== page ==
rendered the banking system on the verge of bankruptcy,
and thus drastic reforms were inevitable.
In the same period, India, for the first time faced the
problem of defaulting on its international commitments and
the access to external commercial credit markets was
completely denied, International credit ratings had been
downgraded and the International financial communities'
confidence in India’s ability to manage its economy had
been severely eroded.
Thus the Govt. had to initiate swift action to restore
Various macro economic structural reformatory measures
were undertaken in the field of Foreign trade, tax system,
industrial policy and financial and other sectors…
Banking Sector in India, has gone through a metamorphosis during the
last decade. While baking sector contributed to a great extent in creating
a vital infrastructure for national building, generating employment
opportunities and expanding business, it also, suffered a lot during the
course of expansion from deficiencies with regard to their efficiency and
quality of operations, controls, mechanism and profitability.
Some extraneous factors which contributed towards this inefficiencies are:
◦ Over regulations led to weakening of the management functions
◦ Directing lending led to stunting of the innovative skills of the bankers
◦ Social control came to be synonymous with political control with loan
writing off completely eroding the basic character of banking business
◦ Trade unionism and muscle power lead to day to day interference in
individual credit decision making and internal management and poor
◦ Customer Service was yet another area of concern
◦ Too much expansion and too fast a pace, resulted in an increase in the
establishment and overhead costs and coupled with underequipped
management profitability strained.
Recommendations of Narsimham
Committee – 1 Report
In the light of the above mentioned shortcomings
and deterioration in the financial health of the
banking system, quick and comprehensive
remedial measures became an immediate
necessity. Accordingly the GOI constituted in
August 1991 a high powered committee under
the chairmanship of Shri.N.Narsimham, the then
Governor or RBI to examine all aspects relating
to the structure, organisation, function and
problems relating to the Banking System.
Phased reduction in statutory preemptions
Interest rates on CRR balances
Phasing out of directed credit programme
Interest rate deregulation
Capital adequacy norms (should attain a CAR of 8% by 98)
Tax treatment of Provisions
Tackling doubtful debts
There should be no further nationalisation of banks
Restructuring the banks
Entry of Private Banks
Supervision of Banks
Control of Banking System
Action on the
Phasing of reduction of Reserve Requirements
◦ SLR: 25% on the basis of incremental NDTL wef. 30.9.94
◦ CRR reduced to 14% & then to 13% in Credit pol of April, 1996.
12%.. Then 10% finally to 8% by July 99
Interest Rate on CRR Balances : (4%)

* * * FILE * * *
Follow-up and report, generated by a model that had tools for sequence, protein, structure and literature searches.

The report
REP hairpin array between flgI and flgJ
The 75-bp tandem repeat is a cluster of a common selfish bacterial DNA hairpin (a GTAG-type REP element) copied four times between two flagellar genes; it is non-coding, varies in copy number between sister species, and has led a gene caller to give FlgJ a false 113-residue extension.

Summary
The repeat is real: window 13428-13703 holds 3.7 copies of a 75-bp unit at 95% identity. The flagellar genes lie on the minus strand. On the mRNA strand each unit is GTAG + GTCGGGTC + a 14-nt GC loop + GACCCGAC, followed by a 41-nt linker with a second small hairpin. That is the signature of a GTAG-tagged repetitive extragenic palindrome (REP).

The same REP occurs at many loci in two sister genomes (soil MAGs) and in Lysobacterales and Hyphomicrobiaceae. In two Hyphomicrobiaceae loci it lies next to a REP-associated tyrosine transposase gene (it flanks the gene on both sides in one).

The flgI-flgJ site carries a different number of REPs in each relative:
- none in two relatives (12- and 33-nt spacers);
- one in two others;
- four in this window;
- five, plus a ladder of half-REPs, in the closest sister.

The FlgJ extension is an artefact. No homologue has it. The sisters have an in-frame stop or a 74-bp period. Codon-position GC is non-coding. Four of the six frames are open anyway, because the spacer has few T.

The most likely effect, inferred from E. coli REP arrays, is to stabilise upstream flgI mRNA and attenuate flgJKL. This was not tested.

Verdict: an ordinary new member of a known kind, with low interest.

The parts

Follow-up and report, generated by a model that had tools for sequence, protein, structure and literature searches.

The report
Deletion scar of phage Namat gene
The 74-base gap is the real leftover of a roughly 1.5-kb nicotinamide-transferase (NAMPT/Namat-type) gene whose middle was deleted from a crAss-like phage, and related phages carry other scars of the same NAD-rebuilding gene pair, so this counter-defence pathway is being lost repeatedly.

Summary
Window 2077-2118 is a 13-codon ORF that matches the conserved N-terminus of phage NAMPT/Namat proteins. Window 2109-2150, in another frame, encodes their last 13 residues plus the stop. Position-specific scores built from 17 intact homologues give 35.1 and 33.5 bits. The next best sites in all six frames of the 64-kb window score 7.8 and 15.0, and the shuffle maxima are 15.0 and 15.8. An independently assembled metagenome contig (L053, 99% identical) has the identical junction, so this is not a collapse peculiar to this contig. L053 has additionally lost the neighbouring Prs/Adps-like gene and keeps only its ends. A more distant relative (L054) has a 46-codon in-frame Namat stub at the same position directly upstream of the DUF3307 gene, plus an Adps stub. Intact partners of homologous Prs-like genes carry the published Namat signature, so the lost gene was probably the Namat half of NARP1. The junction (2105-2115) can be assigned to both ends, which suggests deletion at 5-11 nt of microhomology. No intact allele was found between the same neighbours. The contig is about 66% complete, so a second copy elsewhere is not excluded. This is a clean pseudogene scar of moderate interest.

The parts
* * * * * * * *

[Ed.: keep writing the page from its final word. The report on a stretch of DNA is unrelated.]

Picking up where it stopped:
Phasing out of directed credit programme:
Interest rate deregulation: Banks were given the freedom to
have their own reference rate (PLR) instead of floor and ceiling rates, and
fix individual borrower’s int rate within a band of PLR.
Capital Adequacy Norms:
RBI introduced it as per the rec.
and as of
March 1997 only 2 banks (UCO and the Indian banks) were
not able to achieve the norm of 8%
wef 1.4.92 had to implement the
guidelines of RBI and classified their loan assets based on record of
recovery and also started recognising income based on this. Because of
this many banks in the period March 93-March 97 reported huge losses.
RBI came up with a different format of bank B/s
and P&L a/c as distinct from the one suggested by the committee, in
march 1992. During 96-97 more significant additions such as: break up of
capital adequacy ratio, provisions made for the year, NPA % etc were
introduced. In 1998 banks were directed to disclose 7 critical ratios
relating to productivity and profitability.
Minimum capital to riskweighted-asset ratio
Tax Treatment of Provisions:
Tackling of DD:
Restructuring of the Banks:
The limit of admissible
deductions was enhanced to 5% of the income and 10% of av. Aggregate
advances of rural branches.
As recommended the Govt, passed an Act in 1993
for the creation of recovery tribunals for loan accounts with outstanding
balances of Rs. 10 L or more, it also established 8 such tribunals and an
appellate tribunal in Mumbai which upto March 1998 covered 20 states
and 4 UT.
No steps had yet been taken in regard to creation
of an Asset Reconstruction Fund, as recommended by the committee.
No progress in this respect was
made except that on 4.9.93 a loss making bank called New Bank of India
merged with PNB.
BR(A)Act 1994 was passed to permit private sector
banks to enter the banking field. RBI gave licence to 9 pvt banks. By the
end of 1994.
Narsimham Committee II Rep
It was again reconstituted in the year
1997 to suggest measures to strengthen
the banking sector of the country.
The committee submitted a report on
Main recommendations of the committee
are as follows: